Grazing Taxes: To bolster revenue, the colonial government imposed taxes on land, salt, canal water, and livestock. Pastoralists were subject to grazing taxes for each animal they took for grazing in the pastures.

Grazing taxes were introduced in India in the mid-nineteenth century, with the rights to collect these taxes auctioned to contractors in the 1850s. Contractors aimed to maximize their revenue recovery by levying higher taxes, putting pressure on pastoralists to reduce the number of animals they grazed in order to minimize their tax burden.

Question 3. Give reasons to explain why the Maasai community lost their grazing lands.


During the late nineteenth century, European imperial powers engaged in the “scramble for Africa,” dividing the region into colonies without considering local sentiments.

In 1885, the territory of the Maasai people, known as Maasailand, was split in half by an international boundary separating British Kenya and German Tanzania. As a result, the most fertile grazing lands were reserved for white settlers, while the Maasai were confined to a small area in southern Kenya and northern Tanzania.

Furthermore, extensive grazing lands were transformed into game reserves such as the Maasai Mara and Samburu National Park in Kenya, and Serengeti Park in Tanzania. Pastoralists were prohibited from entering these reserves, thereby depriving them of the ability to hunt animals or graze their herds in these areas.

Question 4. There are similarities in the way in which the modern world forced changes in the lives of pastoral communities in India and East Africa. Write about any two examples of changes which were similar for Indian pastoralists and the Maasai herders.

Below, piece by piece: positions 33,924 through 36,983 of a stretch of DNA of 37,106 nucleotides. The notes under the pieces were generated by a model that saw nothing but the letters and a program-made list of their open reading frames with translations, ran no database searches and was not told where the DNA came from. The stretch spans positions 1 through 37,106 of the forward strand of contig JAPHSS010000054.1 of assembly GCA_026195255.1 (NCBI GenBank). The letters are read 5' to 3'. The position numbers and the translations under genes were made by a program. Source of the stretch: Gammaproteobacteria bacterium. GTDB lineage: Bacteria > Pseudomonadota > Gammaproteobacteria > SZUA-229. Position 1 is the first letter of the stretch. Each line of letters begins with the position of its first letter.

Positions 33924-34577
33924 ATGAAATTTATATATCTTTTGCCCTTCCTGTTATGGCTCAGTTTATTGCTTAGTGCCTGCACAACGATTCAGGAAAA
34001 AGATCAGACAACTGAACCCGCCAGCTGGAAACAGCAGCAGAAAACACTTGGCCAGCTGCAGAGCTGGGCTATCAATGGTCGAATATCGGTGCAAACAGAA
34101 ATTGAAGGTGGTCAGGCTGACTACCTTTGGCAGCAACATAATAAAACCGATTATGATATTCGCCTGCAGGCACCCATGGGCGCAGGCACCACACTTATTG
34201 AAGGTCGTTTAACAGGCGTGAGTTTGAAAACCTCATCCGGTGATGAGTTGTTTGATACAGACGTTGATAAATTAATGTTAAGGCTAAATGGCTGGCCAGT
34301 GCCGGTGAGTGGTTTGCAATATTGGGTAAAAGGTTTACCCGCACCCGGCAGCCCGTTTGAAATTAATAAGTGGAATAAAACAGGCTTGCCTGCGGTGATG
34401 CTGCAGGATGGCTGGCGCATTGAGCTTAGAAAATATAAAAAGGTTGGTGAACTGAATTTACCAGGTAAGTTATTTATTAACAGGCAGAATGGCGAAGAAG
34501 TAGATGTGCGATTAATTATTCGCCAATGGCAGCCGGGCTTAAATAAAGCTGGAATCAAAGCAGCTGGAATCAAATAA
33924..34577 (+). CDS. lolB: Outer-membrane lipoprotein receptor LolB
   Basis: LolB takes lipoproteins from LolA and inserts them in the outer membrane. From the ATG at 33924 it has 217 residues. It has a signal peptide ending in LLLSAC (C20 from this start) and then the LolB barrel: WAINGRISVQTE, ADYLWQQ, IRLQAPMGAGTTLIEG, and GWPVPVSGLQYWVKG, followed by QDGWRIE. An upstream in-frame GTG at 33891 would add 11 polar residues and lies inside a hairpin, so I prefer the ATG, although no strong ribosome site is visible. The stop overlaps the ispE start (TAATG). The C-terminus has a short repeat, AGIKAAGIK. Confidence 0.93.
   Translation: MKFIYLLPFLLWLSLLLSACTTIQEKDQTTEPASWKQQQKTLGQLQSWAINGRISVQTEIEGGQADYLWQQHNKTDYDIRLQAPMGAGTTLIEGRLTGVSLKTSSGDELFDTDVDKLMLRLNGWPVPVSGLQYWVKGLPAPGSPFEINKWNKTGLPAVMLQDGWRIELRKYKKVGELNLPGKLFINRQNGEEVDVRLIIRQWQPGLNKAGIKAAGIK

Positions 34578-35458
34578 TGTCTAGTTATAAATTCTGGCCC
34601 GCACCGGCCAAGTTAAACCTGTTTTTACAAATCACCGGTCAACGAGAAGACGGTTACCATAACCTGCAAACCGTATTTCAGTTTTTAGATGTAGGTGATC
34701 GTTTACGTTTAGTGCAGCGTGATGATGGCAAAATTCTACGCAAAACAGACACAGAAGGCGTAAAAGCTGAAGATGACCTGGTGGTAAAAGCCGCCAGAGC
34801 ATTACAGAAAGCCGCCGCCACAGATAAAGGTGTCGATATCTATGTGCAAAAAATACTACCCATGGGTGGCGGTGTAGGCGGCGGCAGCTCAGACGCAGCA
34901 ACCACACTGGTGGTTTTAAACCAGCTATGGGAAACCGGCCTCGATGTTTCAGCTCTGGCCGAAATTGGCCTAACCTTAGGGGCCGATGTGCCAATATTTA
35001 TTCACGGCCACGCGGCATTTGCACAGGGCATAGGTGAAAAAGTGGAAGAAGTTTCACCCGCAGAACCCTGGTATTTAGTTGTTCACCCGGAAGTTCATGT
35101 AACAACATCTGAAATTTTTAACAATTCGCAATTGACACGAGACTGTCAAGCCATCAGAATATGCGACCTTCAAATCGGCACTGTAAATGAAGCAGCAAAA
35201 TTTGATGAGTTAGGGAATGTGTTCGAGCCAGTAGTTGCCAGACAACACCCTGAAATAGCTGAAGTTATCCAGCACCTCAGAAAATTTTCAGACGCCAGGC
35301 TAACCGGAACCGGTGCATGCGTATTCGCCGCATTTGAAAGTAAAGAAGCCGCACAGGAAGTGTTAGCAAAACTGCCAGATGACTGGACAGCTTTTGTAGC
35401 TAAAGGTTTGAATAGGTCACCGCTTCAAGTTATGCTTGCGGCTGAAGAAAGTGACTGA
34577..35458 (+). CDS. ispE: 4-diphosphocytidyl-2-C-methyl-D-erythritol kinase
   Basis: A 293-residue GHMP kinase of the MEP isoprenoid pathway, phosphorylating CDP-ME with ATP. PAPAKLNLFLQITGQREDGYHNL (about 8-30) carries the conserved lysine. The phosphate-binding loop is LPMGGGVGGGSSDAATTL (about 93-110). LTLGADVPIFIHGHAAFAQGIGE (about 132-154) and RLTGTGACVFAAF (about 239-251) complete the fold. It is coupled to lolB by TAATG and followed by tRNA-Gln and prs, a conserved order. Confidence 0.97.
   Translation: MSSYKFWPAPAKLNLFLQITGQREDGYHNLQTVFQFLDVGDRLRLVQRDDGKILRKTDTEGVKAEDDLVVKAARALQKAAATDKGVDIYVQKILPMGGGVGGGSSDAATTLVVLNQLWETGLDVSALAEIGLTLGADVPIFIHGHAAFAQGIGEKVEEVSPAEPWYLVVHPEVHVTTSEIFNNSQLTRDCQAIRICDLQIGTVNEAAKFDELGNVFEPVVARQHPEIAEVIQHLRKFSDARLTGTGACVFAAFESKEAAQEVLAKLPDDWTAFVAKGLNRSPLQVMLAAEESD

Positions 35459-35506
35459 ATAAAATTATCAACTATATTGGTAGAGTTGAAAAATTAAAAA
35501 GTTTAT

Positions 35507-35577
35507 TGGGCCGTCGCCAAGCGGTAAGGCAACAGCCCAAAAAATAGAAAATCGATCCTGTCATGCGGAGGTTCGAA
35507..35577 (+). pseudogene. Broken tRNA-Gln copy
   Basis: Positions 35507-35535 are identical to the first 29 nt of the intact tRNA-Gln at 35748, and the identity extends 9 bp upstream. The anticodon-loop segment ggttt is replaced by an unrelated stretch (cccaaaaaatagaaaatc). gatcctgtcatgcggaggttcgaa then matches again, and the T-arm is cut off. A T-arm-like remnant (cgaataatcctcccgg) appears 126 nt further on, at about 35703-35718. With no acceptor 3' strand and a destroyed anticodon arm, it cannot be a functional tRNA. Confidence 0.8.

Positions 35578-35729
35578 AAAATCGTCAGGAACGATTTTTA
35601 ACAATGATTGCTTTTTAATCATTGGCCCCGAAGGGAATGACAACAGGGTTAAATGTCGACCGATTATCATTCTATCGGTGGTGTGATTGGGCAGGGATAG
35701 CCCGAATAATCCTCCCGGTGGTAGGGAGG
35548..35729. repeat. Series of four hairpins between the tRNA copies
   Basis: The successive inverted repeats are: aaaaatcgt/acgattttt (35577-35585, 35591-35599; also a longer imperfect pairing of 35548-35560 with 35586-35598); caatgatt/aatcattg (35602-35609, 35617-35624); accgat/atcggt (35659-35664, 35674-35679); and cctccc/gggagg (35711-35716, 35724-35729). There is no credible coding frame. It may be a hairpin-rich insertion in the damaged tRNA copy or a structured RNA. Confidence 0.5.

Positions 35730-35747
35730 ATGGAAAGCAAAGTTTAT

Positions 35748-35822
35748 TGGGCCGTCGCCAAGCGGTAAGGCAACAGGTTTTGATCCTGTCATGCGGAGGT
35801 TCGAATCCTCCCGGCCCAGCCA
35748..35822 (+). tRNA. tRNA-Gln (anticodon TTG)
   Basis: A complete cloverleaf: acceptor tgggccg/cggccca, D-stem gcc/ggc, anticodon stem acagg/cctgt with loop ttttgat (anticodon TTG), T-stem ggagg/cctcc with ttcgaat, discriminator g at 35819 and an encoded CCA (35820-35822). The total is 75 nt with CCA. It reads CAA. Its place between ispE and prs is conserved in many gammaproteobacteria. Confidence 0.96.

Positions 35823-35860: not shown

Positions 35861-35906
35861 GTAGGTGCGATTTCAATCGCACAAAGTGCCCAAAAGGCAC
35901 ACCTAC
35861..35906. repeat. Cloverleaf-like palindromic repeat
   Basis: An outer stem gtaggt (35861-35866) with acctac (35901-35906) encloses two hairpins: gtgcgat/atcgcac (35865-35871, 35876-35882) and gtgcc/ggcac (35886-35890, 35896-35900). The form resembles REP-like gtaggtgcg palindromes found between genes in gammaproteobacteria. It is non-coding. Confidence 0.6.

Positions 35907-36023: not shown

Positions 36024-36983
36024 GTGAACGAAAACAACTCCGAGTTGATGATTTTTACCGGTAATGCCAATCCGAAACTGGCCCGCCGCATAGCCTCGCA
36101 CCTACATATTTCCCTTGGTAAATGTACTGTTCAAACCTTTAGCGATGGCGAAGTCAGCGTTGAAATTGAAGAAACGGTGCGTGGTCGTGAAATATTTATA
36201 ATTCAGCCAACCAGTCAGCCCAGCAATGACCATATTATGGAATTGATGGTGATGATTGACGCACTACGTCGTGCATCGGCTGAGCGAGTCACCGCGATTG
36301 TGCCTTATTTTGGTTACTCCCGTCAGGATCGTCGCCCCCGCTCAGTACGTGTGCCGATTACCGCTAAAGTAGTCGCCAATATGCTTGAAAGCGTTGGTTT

India and East Africa both experienced the impact of European colonial powers, resulting in several similarities in their exploitation:

Forest laws

In both regions, the implementation of forest laws significantly affected pastoralists. In India, forests were classified as reserved or protected, restricting pastoralist access to reserved forests. Similarly, the Maasai people in Africa faced challenges as their grazing lands were continually diminished due to the expansion of cultivation driven by the colonial government.

Border closures

In Africa, Maasailand was divided by an international boundary between British Kenya and German Tanganyika, leading to the appropriation of prime land by white settlers and the confinement of the local population to a smaller area with limited grazing opportunities.

Similarly, in India, the partition of the country resulted in the Raikas, a pastoralist community, being unable to access pastures in Sindh (which later became part of Pakistan) due to political divisions. The closure of borders forced them to search for new grazing lands in Haryana.

Loss of Grazing Lands

Both Indian pastoralists and Maasai herders faced the loss of their traditional grazing lands. In India, the expansion of cultivation and the implementation of forest laws resulted in the conversion of vast grazing lands into agricultural fields or reserved forests. This limited the availability of grazing areas for Indian pastoralists. Similarly, in East Africa, the division of Maasailand between British Kenya and German Tanganyika led to the appropriation of the best grazing lands by white settlers, leaving the Maasai herders confined to smaller areas with restricted pastures. The loss of grazing lands had a significant impact on the livelihoods and mobility of both communities.

Restrictions on Movement and Access

Indian pastoralists and Maasai herders also faced restrictions on their movement and access to grazing lands. In India, the division of the country after independence and the creation of political borders resulted in pastoral communities like the Raikas facing limitations on their traditional migration routes and access to pastures.

Similarly, the Maasai herders experienced constraints on their movements due to the imposition of international boundaries and the establishment of game reserves, where they were not allowed to hunt or graze their herds. These restrictions disrupted their traditional patterns of seasonal migration and access to vital resources for their livestock.

Both regions faced similar consequences of colonial occupation, including the impact of forest laws and the displacement of pastoralist communities due to territorial divisions and land appropriations.